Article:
As the sun set this past Sunday on the opening day of the NFL season, more than a few gridiron gladiators were almost certainly leaving the field in pain.
By David Royse | LedeTree.com
Pain is as much a part of the NFL game as the shotgun formation.
Managing that pain may arguably now be more important than ever, as teams invest millions of dollars in even average players. But there’s one way of easing it that remains off limits for those in the league: medical marijuana is not only not allowed for players – even in states where it is legal – its use will get players penalized by the league.
But that may change before too long.
As the NFL begins its 2017-18 season there are signs of growing acceptance of marijuana for the treatment of pain.
The most important of those signs came last month from NFL Commissioner Roger Goodell, who said during a speaking engagement in Denver that the league could be interested in at least studying whether cannabis should be part of the league’s pain management strategy.
“If pain management is something that medical marijuana can address responsibly, that’s something that our medical community is evaluating,” Goodell said at a forum, according to a story in the Denver Post.
“We just proposed to our union in the last month or so that we put some research money behind that to see how we could implement that … if they can address pain management in an effective and safe fashion,” Goodell said, according to the Post. “That’s something that I assume will get a lot of discussion, but hopefully it involves a lot of research and medical opinions that can help us make the best decisions.”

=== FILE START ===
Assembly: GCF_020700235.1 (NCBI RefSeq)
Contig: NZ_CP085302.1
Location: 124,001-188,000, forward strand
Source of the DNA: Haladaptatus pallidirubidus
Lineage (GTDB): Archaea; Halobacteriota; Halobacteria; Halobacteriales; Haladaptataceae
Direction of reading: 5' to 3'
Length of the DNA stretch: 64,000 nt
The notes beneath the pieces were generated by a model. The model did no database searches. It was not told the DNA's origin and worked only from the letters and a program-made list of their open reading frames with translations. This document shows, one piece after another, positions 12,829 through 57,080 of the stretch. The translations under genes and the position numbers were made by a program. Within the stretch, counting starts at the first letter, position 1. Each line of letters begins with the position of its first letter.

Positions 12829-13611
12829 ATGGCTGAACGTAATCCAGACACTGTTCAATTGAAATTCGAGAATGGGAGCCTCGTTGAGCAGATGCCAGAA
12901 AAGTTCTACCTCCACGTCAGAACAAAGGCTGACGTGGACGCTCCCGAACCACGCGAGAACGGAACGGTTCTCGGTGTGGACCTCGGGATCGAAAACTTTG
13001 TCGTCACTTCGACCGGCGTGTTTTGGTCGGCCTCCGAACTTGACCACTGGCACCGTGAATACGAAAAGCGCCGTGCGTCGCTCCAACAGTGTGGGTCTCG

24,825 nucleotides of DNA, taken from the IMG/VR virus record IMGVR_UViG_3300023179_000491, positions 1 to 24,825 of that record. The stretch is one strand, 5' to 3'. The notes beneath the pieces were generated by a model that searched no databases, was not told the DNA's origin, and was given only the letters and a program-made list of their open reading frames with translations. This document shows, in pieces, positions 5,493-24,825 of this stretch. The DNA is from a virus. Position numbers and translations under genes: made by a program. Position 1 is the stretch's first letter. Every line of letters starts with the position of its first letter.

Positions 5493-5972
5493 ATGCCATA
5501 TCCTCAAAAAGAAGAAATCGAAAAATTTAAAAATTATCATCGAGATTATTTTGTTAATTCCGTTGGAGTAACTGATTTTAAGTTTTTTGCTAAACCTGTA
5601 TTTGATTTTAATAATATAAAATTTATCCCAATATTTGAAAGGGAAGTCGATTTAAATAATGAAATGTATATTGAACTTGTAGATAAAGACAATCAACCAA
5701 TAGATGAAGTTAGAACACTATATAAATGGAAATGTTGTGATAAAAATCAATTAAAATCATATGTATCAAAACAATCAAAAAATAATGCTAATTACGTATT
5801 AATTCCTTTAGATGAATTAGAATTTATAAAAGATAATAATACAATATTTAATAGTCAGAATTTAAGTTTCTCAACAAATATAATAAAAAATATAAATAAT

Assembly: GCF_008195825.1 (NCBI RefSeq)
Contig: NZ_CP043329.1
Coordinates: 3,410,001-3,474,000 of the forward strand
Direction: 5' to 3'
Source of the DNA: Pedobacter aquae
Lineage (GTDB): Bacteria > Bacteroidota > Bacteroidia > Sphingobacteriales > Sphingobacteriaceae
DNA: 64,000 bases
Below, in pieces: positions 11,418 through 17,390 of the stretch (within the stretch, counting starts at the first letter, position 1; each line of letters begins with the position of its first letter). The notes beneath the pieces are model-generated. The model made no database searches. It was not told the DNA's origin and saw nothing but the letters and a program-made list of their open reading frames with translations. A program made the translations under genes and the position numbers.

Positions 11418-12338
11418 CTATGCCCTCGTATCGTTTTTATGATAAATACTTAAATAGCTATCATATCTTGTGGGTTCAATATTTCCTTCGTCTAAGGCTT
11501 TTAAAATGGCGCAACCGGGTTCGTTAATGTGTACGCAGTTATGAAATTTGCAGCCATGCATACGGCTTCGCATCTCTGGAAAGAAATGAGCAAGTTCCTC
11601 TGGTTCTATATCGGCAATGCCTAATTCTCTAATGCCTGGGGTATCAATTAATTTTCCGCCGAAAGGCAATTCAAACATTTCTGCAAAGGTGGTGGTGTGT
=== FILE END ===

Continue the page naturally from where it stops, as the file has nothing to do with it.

— East Bay Times (@EastBayTimes) September 8, 2017
The NFL has also expressed an interest in working with the the NFL Players Association, the players’ union, on a study of marijuana for pain, the Washington Post reported this summer. The union is also interested in easing the league’s punishment rules for players who test positive for marijuana, even if they’re using it recreationally instead of as part of a pain management program.
While the use of marijuana is still banned in the NFL, a number of former players have said they used cannabinoids to manage post-career pain and have advocated for their use as an alternative to opioids, which are highly addictive. Jim McMahon, who quarterbacked the Bears to the 1986 Super Bowl title, said medical marijuana helped him end an addiction to opioid painkillers. Former offensive lineman Kyle Turley has been telling a similar story. (More on players advocating its use here, here, and here).
As an organization, we need to #MakeTheNFLSafeAgain by providing all tools necessary for these players to heal their bodies safely
— Medical Marijuana (@MedMarijuanaNFL) November 28, 2016
The league’s substance-abuse policy – which is part of its collective bargaining agreement with the players union – bans marijuana and comes with penalties for testing positive for more than 35 nanograms of THC per milliliter of urine.